Business news 20 January 2022

James Salmon, Operations Director.

PM confirms end of Plan B measures. Businesses welcome easing of restrictions. Workers embrace four-day working week. Chancellor announces tech support for SMEs. More on yesterday’s inflation announcement.  And more business news.

PM confirms end of Plan B measures

Boris Johnson has announced that England’s Plan B measures are to end on January 27, with mandatory face coverings in public places and Covid passports no longer required.

The Prime Minister, who also announced that advice for people to work from home will be retracted immediately, said the decision to ease restrictions comes as scientists believe the country’s Omicron wave has peaked.

Meanwhile, the Prime Minister also said ministers are planning to end the legal requirement for people who test positive for Covid to self-isolate, replacing it with guidance when current regulations expire on March 24.

Health Secretary Sajid Javid said that the easing of restrictions announced by the PM should not be seen as the “finish line” in the fight against coronavirus because Covid-19 and future variants cannot be eradicated. Instead, he added, “we must learn to live with Covid in the same way we live with flu”.

Businesses welcome easing of restrictions

Business leaders have welcomed the Prime Minister’s announcement that coronavirus-related restrictions in England will be eased, with measures such as work from home guidance already removed and the legal requirement to self-isolate set to be withdrawn by the end of March.

Shevaun Haviland, director general of the British Chambers of Commerce, said: “News of the end of work from home guidance will be welcomed by business, particularly those based in city and town centres which rely on footfall from office workers.” She added that going forward, business will want the Government to outline longer-term contingency plans on how firms will be supported should a new variant deliver a fresh wave of infections that require restrictions.

Matthew Fell, the CBI’s chief policy director, also welcomed the end of Plan B measures but warned that there is “still a job to be done on repairing confidence and demand,” saying that the Omicron variant “has pushed back the recovery for some key sectors” and insisting: “The focus now must be on how we can grow the economy and stimulate investment.”

Meanwhile, Mike Cherry, national chair of the Federation of Small Businesses, said firms that have seen “two years of chopping and changing” will be “hoping that this marks the beginning of a final winding down of trading restrictions”. He urged people to “get behind” small firms and sole traders, saying they “stand ready to spur our economic recovery from this recession as they did the last.”

Commenting on the return to offices, PwC chair Kevin Ellis said: “After the last lockdown restrictions were lifted, it took us two months to get back to 80% capacity. We’re expecting a faster bounce back now – people know the drill.”

Professionals eager for office returns

A poll by recruiter Robert Walters shows that a majority of white-collar workers plan to quit their jobs this year unless office working returns, with two-thirds of professionals quizzed saying they are “highly likely” to leave their role if they do not get more face-to-face time with their manager.

Almost two thirds of professionals added that they would decline a job offer if they were forced to work from home full-time. The survey also found that a quarter do not communicate with their manager at all when working remotely, up from 3% at the start of the pandemic. The findings come as the Prime Minister announced that the Government’s work from home guidance is being scrapped with immediate effect.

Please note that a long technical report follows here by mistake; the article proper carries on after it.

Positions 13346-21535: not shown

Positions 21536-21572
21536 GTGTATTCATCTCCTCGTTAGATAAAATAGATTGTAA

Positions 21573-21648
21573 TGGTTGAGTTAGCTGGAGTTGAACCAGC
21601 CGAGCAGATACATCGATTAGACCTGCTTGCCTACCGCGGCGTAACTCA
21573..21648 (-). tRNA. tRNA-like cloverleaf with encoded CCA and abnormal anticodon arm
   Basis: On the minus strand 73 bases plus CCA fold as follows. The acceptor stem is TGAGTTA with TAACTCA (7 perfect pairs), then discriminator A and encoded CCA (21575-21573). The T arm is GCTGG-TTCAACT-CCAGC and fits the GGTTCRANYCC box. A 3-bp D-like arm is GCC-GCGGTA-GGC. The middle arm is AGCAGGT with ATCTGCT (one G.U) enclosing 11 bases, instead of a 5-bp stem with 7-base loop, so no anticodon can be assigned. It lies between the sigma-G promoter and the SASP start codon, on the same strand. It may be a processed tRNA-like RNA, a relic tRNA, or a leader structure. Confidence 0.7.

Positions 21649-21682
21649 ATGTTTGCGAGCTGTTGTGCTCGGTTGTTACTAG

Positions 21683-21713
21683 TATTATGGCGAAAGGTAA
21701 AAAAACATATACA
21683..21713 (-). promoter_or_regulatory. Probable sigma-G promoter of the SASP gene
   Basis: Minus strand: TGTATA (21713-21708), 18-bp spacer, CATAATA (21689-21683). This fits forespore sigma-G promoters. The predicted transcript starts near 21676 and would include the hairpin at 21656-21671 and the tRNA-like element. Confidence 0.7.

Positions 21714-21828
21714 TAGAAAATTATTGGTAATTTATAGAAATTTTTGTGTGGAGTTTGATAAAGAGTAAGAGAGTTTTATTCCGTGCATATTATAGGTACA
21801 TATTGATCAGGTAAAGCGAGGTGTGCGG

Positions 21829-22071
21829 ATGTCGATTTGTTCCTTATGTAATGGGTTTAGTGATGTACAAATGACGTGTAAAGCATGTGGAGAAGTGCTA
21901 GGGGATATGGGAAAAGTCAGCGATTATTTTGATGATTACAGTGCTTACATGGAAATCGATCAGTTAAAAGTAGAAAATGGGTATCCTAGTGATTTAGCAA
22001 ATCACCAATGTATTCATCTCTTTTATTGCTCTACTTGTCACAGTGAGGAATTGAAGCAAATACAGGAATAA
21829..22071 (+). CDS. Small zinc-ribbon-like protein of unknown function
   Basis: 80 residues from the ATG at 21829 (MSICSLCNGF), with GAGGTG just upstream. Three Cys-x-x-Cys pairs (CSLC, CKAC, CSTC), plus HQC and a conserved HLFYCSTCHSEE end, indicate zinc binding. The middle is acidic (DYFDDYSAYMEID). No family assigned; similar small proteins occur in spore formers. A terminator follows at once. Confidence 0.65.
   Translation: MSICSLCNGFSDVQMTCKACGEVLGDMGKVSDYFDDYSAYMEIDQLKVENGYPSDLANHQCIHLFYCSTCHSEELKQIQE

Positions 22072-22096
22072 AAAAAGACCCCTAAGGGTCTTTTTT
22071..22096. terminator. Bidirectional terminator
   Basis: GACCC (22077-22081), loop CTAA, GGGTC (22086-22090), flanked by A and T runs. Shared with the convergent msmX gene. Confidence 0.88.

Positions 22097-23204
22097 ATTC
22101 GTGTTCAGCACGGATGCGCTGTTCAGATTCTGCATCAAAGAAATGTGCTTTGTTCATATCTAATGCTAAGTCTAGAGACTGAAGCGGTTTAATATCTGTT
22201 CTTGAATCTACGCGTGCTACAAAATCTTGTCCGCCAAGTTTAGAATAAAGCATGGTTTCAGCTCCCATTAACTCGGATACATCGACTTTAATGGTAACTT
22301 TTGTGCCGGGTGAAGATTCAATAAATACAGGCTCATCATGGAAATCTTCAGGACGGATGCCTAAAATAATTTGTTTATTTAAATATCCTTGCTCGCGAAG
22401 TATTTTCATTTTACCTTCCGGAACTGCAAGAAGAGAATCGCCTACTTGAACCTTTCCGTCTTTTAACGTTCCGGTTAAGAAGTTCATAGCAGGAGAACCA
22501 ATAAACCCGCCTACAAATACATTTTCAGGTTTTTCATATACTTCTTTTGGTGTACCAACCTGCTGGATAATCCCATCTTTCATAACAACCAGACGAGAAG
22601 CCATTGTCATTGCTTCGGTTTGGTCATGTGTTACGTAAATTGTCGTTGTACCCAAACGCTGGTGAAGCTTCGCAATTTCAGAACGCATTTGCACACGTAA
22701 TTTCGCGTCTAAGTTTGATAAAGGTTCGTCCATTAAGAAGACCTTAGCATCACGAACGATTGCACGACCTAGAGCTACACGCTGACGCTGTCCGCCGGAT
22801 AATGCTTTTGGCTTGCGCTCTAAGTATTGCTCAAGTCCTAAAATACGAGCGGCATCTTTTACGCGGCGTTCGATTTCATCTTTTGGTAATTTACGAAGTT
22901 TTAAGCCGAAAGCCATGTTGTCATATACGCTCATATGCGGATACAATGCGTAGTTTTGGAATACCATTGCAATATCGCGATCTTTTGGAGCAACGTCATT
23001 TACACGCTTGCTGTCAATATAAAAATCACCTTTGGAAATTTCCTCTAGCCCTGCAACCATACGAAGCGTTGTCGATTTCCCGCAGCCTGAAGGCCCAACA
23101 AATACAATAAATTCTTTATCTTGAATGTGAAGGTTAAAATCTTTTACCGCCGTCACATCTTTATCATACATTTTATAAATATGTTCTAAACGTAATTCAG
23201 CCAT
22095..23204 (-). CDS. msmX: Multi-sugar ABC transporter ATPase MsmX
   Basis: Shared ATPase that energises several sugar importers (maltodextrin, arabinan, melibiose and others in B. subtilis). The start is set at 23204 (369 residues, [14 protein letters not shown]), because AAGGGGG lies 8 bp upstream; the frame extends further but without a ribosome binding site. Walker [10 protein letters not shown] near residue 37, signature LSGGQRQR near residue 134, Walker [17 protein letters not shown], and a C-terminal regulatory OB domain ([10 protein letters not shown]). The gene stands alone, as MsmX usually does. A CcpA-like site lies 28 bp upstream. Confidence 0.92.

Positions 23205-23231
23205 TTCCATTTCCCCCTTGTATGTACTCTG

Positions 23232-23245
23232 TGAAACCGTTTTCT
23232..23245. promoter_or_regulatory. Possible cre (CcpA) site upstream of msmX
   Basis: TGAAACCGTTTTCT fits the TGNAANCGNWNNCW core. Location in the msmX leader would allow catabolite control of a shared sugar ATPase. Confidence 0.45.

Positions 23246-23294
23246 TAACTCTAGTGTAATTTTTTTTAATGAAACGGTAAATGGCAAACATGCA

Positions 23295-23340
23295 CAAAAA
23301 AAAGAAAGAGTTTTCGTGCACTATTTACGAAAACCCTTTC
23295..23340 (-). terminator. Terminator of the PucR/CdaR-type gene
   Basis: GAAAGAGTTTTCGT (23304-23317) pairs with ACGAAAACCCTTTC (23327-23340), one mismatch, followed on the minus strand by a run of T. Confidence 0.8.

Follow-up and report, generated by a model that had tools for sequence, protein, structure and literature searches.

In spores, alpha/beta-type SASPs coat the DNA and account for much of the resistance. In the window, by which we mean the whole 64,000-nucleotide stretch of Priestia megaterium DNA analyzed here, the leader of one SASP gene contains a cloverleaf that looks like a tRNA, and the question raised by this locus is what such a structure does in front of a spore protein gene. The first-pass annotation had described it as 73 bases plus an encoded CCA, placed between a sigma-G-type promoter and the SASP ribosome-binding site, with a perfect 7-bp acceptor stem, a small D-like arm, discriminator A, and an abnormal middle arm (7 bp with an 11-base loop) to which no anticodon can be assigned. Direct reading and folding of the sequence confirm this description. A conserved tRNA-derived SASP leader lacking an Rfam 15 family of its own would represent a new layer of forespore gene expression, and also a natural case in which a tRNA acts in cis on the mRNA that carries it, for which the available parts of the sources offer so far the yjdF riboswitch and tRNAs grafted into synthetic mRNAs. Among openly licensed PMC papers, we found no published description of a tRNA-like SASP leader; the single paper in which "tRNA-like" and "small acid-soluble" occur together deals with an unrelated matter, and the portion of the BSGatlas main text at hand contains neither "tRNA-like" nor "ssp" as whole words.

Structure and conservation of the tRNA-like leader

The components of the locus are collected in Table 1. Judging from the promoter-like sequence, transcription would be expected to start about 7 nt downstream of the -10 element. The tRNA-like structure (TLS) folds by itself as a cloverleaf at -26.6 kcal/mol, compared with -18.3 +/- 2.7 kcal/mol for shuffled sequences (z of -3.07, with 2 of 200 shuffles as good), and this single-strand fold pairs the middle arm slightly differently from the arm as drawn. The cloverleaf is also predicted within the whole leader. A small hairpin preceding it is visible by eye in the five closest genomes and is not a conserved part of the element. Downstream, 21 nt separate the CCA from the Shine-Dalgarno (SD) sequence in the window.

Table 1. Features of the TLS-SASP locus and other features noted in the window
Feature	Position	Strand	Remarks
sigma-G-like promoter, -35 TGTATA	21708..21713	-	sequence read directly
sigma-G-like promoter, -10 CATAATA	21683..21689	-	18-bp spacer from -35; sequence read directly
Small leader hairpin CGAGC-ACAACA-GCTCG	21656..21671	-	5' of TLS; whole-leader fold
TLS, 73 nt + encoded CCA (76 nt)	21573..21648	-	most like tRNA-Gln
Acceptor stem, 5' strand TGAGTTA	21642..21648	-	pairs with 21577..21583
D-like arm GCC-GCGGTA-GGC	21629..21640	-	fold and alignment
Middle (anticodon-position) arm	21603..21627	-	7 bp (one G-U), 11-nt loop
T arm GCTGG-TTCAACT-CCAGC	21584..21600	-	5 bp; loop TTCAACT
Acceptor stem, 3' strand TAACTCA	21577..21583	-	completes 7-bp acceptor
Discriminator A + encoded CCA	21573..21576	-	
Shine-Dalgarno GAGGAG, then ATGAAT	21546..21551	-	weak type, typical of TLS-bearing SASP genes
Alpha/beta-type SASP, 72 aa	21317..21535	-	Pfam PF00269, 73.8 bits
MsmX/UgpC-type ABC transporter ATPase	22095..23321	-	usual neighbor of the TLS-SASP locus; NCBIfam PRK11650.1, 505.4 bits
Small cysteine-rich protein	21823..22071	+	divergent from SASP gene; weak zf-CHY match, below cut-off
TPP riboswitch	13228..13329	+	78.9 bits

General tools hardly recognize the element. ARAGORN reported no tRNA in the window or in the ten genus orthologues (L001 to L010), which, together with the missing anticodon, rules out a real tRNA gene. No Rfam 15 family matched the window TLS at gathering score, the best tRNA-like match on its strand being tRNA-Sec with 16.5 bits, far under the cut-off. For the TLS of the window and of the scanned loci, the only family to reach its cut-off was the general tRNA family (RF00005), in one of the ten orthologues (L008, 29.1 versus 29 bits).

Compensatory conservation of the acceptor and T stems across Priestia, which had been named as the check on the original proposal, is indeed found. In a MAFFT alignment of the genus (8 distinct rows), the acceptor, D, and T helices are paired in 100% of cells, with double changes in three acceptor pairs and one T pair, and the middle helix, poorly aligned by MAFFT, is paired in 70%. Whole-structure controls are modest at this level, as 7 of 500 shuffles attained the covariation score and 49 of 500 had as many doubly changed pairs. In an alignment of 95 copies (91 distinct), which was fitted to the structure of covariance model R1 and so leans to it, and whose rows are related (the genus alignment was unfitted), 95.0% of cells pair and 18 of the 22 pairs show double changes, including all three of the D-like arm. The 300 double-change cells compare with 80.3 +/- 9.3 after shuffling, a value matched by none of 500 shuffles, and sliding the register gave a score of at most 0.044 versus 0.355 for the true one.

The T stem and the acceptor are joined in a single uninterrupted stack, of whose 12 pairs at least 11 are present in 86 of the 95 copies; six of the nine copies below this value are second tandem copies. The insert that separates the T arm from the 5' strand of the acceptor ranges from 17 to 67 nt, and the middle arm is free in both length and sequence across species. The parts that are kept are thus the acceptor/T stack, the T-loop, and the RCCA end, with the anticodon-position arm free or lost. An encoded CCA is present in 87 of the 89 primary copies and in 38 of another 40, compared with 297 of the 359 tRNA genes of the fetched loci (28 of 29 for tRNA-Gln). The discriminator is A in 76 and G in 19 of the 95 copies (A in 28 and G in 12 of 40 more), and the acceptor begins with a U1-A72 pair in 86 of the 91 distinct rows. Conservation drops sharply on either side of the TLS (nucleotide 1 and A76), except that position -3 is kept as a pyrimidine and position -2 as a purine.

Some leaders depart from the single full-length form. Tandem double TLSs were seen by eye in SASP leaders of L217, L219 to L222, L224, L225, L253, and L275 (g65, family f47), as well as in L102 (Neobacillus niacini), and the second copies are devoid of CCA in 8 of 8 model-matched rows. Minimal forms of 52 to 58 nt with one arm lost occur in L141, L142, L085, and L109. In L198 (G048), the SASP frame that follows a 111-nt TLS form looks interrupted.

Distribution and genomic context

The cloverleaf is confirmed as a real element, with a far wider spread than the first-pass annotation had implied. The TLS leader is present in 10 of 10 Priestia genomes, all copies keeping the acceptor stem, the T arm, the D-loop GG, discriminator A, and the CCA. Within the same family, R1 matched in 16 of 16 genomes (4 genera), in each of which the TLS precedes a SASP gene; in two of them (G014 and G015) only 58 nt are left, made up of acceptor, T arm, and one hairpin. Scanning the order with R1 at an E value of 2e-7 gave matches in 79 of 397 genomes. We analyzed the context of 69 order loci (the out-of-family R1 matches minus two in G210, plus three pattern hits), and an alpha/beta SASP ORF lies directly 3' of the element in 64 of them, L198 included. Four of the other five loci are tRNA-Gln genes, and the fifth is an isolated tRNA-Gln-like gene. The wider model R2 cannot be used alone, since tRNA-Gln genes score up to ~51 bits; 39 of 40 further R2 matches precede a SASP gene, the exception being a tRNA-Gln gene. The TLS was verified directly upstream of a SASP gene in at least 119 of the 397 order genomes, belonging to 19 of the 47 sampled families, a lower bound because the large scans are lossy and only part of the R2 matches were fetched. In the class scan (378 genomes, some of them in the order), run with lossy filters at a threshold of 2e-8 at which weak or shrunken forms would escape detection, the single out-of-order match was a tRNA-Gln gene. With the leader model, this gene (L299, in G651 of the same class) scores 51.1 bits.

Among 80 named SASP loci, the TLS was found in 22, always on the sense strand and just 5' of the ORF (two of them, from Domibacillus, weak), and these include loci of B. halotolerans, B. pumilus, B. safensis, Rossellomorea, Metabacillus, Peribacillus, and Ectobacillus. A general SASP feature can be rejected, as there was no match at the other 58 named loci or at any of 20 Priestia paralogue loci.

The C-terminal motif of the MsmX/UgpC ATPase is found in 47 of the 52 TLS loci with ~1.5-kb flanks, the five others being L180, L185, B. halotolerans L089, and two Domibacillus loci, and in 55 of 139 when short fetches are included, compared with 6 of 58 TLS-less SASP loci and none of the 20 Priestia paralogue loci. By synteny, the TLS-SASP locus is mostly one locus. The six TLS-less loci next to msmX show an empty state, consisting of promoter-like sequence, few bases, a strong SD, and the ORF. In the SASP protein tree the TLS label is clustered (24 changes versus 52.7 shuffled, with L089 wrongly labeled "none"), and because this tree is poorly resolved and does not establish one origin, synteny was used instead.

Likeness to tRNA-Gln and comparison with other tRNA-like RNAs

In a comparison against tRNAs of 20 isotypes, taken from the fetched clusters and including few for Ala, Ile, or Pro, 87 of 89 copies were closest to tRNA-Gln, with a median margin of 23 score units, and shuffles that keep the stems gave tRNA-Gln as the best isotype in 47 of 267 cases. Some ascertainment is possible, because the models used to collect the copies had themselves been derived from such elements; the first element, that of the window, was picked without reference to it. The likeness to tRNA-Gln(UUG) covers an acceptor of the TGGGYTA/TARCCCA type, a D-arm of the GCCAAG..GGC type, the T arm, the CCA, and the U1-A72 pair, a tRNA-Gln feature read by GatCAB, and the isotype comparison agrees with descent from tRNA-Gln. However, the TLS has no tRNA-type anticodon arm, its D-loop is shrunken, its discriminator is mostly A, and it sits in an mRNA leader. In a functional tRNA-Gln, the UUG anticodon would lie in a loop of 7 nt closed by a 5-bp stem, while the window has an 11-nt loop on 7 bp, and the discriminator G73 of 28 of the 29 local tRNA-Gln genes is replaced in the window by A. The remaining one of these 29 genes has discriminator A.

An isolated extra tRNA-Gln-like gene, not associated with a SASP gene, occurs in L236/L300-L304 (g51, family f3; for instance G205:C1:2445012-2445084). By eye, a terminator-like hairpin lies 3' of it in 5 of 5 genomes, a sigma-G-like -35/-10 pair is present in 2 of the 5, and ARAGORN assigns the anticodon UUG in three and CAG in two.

Kevin Ellis, chairman of PwC, said: “To say this is welcome is an understatement. The number one question I’m being asked from our people is ‘when can we get back to the office?’. They value time with colleagues, alongside the flexibility to work from home when helpful.” The Telegraph notes that KPMG has told its UK auditors at the end of 2021 that they will be back in the office four days a week in the future, with the paper saying this is “a sign that bosses are growing tired of a shift to flexible working.”

Workers embrace four-day working week
Over half of British workers feel a four-day work week would increase their productivity, according to research commissioned by Airtasker, with 57% saying they would like to move to a shorter working week.

Six in ten respondents believe it is possible to do their job in four days. On the possible benefits of a reduction in days at work, 63% said it would boost mental health, with the same proportion saying it would help ease employee burnout. It was also found that a third of workers would consider supplementing their salary with a second income if they were offered a four-day work week. Tim Fung, co-founder and CEO at Airtasker, said: “The global pandemic gave many an opportunity to reflect, so it’s not surprising that British workers are supportive of a four-day work week.”

Chancellor announces tech support for SMEs
Chancellor Rishi Sunak has announced that small businesses will be given cut-price access to the latest technology, with firms able to get up to £5,000 off software under the Help to Grow: Digital scheme. Mr Sunak, who said SMEs are “the backbone of our economy, creating jobs and prosperity across the UK,” noted that in his Budget he outlined an ambition to help businesses become more innovative, more competitive and more profitable, adding: “I am excited this programme allows them to do that.” Mike Cherry, national chairman at the Federation of Small Businesses (FSB), said: “Small businesses are often keen to embrace new technologies but we know one in four lack confidence in their basic digital skills.” “For those small firms who are eligible, providing the means to make improvements through projects like this will make a real difference,” he added.